With multi-user systems it is quite common to be in a situation where collisions are infrequent. Although the two of us are working with Customer objects, you’re working with the Wayne Miller object while I work with the John Berg object and therefore we won’t collide. When this is the case optimistic locking becomes a viable concurrency control strategy. The idea is that you accept the fact that collisions occur infrequently, and instead of trying to prevent them you simply choose to detect them and then resolve the collision when it does occur.
Figure 1 depicts the logic for updating an object when optimistic locking is used:
- The application reads the object into memory. To do this a read lock is obtained on the data, the data is read into memory, and the lock is released. At this point in time the row(s) may be marked to facilitate detection of a collision (more on this later).
- The application then manipulates the object until the point that it needs to be updated.
- Next step is to obtain a write lock on the data and reads the original source back so as to determine if there’s been a collision. The application then determines that there has not been a collision so it updates the data and unlocks it.
- Had a collision been detected, e.g. the data had been updated by another process after it had originally been read into memory, then the collision would need to be resolved.
There are two basic strategies for determining if a collision has occurred:
- Mark the source with a unique identifier. The source data row is marked with a unique value each time it is updated. At the point of update, the mark is checked, and if there is a different value than what you originally read in, then you know that there has been an update to the source. There are different types of concurrency marks:
- Datetime stamps (the database server should assign this value because you can’t count on the time clocks of all machines to be in sync).
- Incremental counters.
- User IDs (this only works if everyone has a unique ID and you’re logged into only one machine and the applications ensure that only one copy of an object exists in memory).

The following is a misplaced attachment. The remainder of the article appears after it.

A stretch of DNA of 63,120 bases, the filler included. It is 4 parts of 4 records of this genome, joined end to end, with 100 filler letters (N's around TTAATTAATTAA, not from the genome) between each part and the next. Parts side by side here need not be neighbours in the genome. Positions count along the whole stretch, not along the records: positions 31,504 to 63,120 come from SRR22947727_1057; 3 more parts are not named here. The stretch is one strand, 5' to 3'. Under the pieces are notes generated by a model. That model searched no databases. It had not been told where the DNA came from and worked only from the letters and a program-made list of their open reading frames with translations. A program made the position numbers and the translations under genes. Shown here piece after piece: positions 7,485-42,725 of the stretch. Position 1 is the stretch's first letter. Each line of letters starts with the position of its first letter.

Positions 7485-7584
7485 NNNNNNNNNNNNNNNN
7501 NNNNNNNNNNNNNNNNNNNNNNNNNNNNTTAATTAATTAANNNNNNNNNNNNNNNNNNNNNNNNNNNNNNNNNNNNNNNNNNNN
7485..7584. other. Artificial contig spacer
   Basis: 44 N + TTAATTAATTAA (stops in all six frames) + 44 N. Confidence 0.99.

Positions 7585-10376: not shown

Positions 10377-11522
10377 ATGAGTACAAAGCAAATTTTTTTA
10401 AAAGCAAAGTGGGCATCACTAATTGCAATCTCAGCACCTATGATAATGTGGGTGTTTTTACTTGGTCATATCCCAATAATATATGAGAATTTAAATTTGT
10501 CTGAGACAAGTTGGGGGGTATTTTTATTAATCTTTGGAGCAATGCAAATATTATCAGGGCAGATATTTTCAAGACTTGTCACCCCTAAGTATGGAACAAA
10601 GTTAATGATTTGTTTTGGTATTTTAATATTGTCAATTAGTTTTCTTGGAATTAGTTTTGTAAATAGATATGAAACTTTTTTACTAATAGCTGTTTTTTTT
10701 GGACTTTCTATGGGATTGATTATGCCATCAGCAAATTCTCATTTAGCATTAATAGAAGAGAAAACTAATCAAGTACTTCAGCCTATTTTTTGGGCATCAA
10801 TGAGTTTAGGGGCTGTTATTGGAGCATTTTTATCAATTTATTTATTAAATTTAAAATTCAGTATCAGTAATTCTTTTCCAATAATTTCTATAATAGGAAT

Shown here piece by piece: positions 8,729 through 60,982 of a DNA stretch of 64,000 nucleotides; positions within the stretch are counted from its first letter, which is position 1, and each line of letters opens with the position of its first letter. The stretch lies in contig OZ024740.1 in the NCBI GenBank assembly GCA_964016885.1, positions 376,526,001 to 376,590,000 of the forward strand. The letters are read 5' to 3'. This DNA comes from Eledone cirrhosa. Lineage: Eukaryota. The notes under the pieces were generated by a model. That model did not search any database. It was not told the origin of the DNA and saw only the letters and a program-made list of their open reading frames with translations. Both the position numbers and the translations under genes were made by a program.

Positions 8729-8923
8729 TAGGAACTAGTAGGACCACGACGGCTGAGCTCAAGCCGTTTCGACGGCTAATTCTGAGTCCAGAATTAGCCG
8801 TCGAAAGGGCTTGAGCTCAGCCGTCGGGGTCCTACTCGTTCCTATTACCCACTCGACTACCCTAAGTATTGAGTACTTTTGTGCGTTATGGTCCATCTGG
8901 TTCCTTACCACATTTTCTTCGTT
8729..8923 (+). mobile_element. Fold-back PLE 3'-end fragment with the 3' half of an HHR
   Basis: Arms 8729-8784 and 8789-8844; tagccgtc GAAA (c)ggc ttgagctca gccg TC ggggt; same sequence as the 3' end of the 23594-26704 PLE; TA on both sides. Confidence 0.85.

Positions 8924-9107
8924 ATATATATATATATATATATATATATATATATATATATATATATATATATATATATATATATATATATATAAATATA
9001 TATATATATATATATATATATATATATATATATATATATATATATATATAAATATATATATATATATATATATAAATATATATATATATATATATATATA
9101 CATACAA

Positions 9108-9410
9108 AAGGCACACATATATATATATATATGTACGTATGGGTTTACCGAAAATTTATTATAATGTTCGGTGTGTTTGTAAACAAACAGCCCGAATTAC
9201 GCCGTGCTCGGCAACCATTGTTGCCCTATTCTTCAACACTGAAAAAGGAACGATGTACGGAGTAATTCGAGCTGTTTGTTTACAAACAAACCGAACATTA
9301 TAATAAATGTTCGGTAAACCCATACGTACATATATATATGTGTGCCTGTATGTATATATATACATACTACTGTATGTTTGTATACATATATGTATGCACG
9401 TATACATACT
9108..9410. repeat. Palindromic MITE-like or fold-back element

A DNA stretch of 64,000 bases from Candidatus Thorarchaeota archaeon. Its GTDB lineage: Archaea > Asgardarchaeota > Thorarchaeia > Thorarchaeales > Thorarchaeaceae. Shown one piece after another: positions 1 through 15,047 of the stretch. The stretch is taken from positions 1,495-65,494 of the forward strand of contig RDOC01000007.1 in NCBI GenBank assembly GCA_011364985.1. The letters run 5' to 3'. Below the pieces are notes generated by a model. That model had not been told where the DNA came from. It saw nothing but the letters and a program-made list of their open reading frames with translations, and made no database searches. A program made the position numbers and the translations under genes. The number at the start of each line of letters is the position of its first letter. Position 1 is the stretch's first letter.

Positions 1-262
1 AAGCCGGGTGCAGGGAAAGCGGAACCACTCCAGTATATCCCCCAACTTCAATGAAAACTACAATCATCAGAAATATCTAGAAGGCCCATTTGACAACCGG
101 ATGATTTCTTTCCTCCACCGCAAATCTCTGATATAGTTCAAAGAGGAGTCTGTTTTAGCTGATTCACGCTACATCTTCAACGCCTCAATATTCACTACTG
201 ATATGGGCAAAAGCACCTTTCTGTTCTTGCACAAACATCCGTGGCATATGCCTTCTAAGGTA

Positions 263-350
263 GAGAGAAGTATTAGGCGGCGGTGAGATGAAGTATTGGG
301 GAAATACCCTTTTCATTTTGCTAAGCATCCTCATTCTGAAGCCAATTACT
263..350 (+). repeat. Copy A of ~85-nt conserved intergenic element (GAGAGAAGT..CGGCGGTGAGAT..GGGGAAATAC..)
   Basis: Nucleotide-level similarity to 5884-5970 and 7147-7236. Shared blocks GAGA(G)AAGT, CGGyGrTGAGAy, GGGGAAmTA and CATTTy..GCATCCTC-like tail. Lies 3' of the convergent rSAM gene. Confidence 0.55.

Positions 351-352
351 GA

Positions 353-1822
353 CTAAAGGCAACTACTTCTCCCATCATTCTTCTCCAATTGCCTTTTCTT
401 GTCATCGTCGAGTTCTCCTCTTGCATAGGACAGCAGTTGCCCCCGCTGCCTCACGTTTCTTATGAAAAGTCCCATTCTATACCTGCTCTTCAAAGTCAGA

- Values generated by a globally unique surrogate key generator.
- Retain a copy of the original. The source data is retrieved at the point of updating and compared with the values that were originally retrieved. If the values have changed, then a collision has occurred. This strategy may be your only option if you are unable to add sufficient columns to your database schema to maintain the concurrency marks.
Figure 1 depicts a native approach, and in fact there are ways to reduce the number of database interactions. The first three requests to the database – the initial lock, marking (if appropriate) the source data, and unlocking – can be performed as a single transaction. The next two interactions, to lock and obtain a copy of the source data, can easily be combined as a single trip to the database. Furthermore the update and unlock can similarly be combined. Another way to improve this is to combine the last four interactions into a single transaction and simply perform collision detection on the database server instead of the application server.
With the strategy you neither try to avoid nor detect collisions, assuming that they will never occur. This strategy is appropriate for single user systems, systems where the system of record is guaranteed to be accessed by only one user or system process at a time, or read-only tables. These situations do occur. It is important to recognize that this strategy is completely inappropriate for multi-user systems.
Collision resolution is critical to effective concurrency control. You have five basic strategies that you can apply to resolve collisions:
- Give up.
- Display the problem and let the user decide.
- Merge the changes.
- Log the problem so someone can decide later.
- Ignore the collision and overwrite.
It is important to recognize that the granularity of a collision counts. Assume that both of us are working with a copy of the same Customer entity. If you update a customer’s name and I update their shopping preferences, then we can still recover from this collision. In effect the collision occurred at the entity level, we updated the same customer, but not at the attribute level. It is very common to detect potential collisions at the entity level then get smart about resolving them at the attribute level.
For simplicity’s sake, many teams will choose a single locking strategy and apply it for all tables. This works well when all, or at least most, tables in your application have the same access characteristics. However, for more complex applications you will likely need to implement several locking strategies based on the access characteristics of individual tables. One approach, suggested by Willem Bogaerts, is to categorize each table by type to provide guidance as to a locking strategy for it. Strategies for doing so are described in Table 1.
|Suggested Locking Strategy
|Log (typically append only)
|Lookup/Reference (typically read only)
I’d like to thank Willem Bogaerts and Rich Stone for their feedback regarding this article.